Monday, October 5, 2015

Found: 1919 Obituary of Celia (Vaux) Munger and 1929 Obituary of Francis N. Munger

After I wrote Found: 1906 Death of Charles Woodward in Topeka, Kansas last week, I decided to open a 14-day free subscription to to see if I could find some of the newspaper articles for my relatives that I saw in the list of MyHeritage Record Matches (which access NewspaperARCHIVES, but don't always show the actual newspaper page for some reason).  

Today, I found obituaries for my second great-grandaunt Celia Ann (Vaux) Munger (1842-1919) and her husband, Francis N. Munger (1845-1929), both of Belleville, Kansas.  Celia Ann (Vaux) Munger was the sister of my second great-grandmother, Abigail A. (Vaux) Smith (1844-1931).  The children of Francis and Celia (Vaux) Munger are my first cousins, three times removed, and their grandchildren are my second cousins, twice removed.  If one of their descendants takes an autosomal DNA test, I should match them with a measurable amount of DNA.

On NewspaperARCHIVE, I found the obituary of Francis N. Munger;  here are the search terms I used (knowing that he died in 1929):

*  First name = francis
*  Last name = munger
*  Key word = belleville 
*  start year = 1929
*  End year = 1929

There were 7 search results:

And further down the page are two entries for the same date and newspaper:

One of the matches would not open for some reason, but the other one did.

I clicked on the title of the newspaper and saw:

The page told me that this was Page 1 of the Belleville [Kansas] Telescope newspaper, dated 13 June 1929.  I could go full screen, save the page, zoom in or out, go to the previous page, go to the next page, etc. using the toolbar with the red background.  The top of the page is shown in the window, with the keywords with a yellow overlay.

I zoomed in (using my mouse wheel), scrolled down a bit, and found the obituary for Francis N. Munger:

I transcribed the obituary as:


"Civil War Veteran, Pioneer and Former Mayor, He Played Part in Growth of Belleville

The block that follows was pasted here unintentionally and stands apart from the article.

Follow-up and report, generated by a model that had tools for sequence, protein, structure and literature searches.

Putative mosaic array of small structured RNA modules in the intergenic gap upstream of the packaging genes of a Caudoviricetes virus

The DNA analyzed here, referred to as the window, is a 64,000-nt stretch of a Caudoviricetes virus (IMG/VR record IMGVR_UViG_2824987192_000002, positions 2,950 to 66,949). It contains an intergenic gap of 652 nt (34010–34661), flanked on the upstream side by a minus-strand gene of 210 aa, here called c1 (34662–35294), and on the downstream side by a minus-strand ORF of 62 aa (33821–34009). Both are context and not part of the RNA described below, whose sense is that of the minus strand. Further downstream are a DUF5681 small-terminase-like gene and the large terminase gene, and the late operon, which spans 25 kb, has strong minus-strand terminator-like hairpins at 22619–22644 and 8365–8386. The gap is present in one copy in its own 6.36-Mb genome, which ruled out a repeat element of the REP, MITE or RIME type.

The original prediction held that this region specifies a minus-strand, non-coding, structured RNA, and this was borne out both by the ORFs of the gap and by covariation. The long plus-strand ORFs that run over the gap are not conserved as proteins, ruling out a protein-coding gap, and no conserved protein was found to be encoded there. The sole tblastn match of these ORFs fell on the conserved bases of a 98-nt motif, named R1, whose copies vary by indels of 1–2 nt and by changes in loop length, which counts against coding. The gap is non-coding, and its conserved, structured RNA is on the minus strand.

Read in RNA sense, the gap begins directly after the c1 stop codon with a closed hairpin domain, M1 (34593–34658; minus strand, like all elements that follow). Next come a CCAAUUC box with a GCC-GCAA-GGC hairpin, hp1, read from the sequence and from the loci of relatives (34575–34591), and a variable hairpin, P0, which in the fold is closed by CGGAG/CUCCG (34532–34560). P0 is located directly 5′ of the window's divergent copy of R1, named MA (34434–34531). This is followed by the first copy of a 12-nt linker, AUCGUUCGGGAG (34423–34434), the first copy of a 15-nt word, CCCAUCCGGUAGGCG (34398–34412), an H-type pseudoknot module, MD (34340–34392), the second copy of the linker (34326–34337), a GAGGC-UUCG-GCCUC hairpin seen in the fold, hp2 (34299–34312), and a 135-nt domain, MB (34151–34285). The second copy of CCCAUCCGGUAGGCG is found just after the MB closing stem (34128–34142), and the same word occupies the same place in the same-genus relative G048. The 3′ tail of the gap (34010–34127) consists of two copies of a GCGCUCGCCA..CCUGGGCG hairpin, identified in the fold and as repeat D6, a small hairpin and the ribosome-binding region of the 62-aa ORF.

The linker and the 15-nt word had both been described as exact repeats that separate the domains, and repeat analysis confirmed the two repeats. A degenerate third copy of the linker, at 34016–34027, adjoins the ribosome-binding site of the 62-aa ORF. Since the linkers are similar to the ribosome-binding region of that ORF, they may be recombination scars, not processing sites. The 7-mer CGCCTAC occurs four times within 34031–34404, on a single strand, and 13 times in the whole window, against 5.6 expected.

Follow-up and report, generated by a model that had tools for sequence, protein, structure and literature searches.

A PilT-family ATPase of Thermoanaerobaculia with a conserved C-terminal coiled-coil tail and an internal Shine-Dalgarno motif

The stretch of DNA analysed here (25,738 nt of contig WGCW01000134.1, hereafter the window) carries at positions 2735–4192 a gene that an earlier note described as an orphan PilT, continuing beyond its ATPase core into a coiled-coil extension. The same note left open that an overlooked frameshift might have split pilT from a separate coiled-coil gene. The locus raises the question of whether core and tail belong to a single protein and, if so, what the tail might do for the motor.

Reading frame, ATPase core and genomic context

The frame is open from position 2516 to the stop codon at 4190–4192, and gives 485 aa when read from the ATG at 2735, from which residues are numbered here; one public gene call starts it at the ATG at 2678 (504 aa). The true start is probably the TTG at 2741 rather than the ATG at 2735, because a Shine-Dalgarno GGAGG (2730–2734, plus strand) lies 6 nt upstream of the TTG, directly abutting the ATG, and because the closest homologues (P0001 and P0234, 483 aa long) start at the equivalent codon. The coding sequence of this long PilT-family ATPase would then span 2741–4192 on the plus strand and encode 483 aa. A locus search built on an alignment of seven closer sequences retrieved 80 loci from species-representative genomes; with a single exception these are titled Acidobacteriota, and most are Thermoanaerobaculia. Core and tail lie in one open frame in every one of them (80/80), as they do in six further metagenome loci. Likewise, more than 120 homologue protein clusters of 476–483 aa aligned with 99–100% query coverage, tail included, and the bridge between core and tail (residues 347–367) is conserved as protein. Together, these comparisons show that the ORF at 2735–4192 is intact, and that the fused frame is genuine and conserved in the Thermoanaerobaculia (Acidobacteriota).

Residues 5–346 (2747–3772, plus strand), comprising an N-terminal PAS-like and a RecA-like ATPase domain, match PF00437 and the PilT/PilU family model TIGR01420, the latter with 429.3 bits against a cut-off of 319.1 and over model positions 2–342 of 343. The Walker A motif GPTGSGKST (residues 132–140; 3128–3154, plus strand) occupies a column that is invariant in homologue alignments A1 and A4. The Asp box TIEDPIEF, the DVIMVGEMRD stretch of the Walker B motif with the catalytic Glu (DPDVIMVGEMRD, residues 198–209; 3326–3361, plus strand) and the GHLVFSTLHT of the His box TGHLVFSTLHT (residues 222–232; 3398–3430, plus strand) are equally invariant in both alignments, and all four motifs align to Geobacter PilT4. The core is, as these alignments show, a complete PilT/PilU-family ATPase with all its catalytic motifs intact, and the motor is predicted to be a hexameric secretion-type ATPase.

"Francis (Frank) N. Munger, Civil war veteran and pioneer of Republic county, died here Sunday, June 9, at the age of nearly 84 years.

"Coming to Republic county he located at the west edge of what is now Belleville and played an important part in the early life of Belleville and Republic county, serving as the third mayor of this city in 1882.  For some years he was jailor and later bailiff in the district court.  He was a past commander of the local post of the G.A.R.

"Francis N. Munger was born in Wisconsin, July 14, 1845, and died at the home of his son George, on his old home farm, near Belleville, Kansas on Sunday, June 9, 1929, after an illness of some months at the age of 83 years, 10 months and 15 days.

"He moved with his parents to Missouri when a child and later came to Kansas at an early day, locating on the farm where he died.  He was married to Celia Vaux Redfield, April 27, 1872, who precede him in death ten years ago.  To this union was born three children, George F. Munger, and Lou Munger Doctor, of Belleville, and Amy Munger Doctor, of Olathe, Kansas, who with 12 grandchildren and four great-grandchildren and one brother, Henry Munger, of Woodrow, Colo., are left to mourn his deqath.

"Mr. Munger came to Belleville in 1876, being among the early settlers, where he engaged in business and later moved on a farm near town.  He later lived for a number of years at Lansing, Kansas, and then for three years in Colorado.  He enlisted at Springfield, Mo., and served in the cavalry in the Civil war for three years.  For a number of years Mr. Munger served as commander of the Belleville G.A.R. post and attended every decoration and memorial day service except this year when failing health would not permit.

"He obeyed the Gospel when a young man and became a member of the Christian church of Belleville.  The funeral was conducted from his late home Monday afternoon by Rev. Robertson with burial beside his wife in the Belleville cemetery.

"Mr. Munger was always kind in ministering to the sick before the time of nurses and up to the time he was unable to do so because of failing health.  He will be greatly missed by many old time friends and acquaintances."

The source citation for this obituary is:

"F.N. Munger, Pioneer, Dead," obituary, The Belleville (Kansas) Telescope, 13 June 1929, Page 1, column 3, Francis N. Munger obituary; digital image, NewspaperARCHIVE ( : accessed 5 October 2015).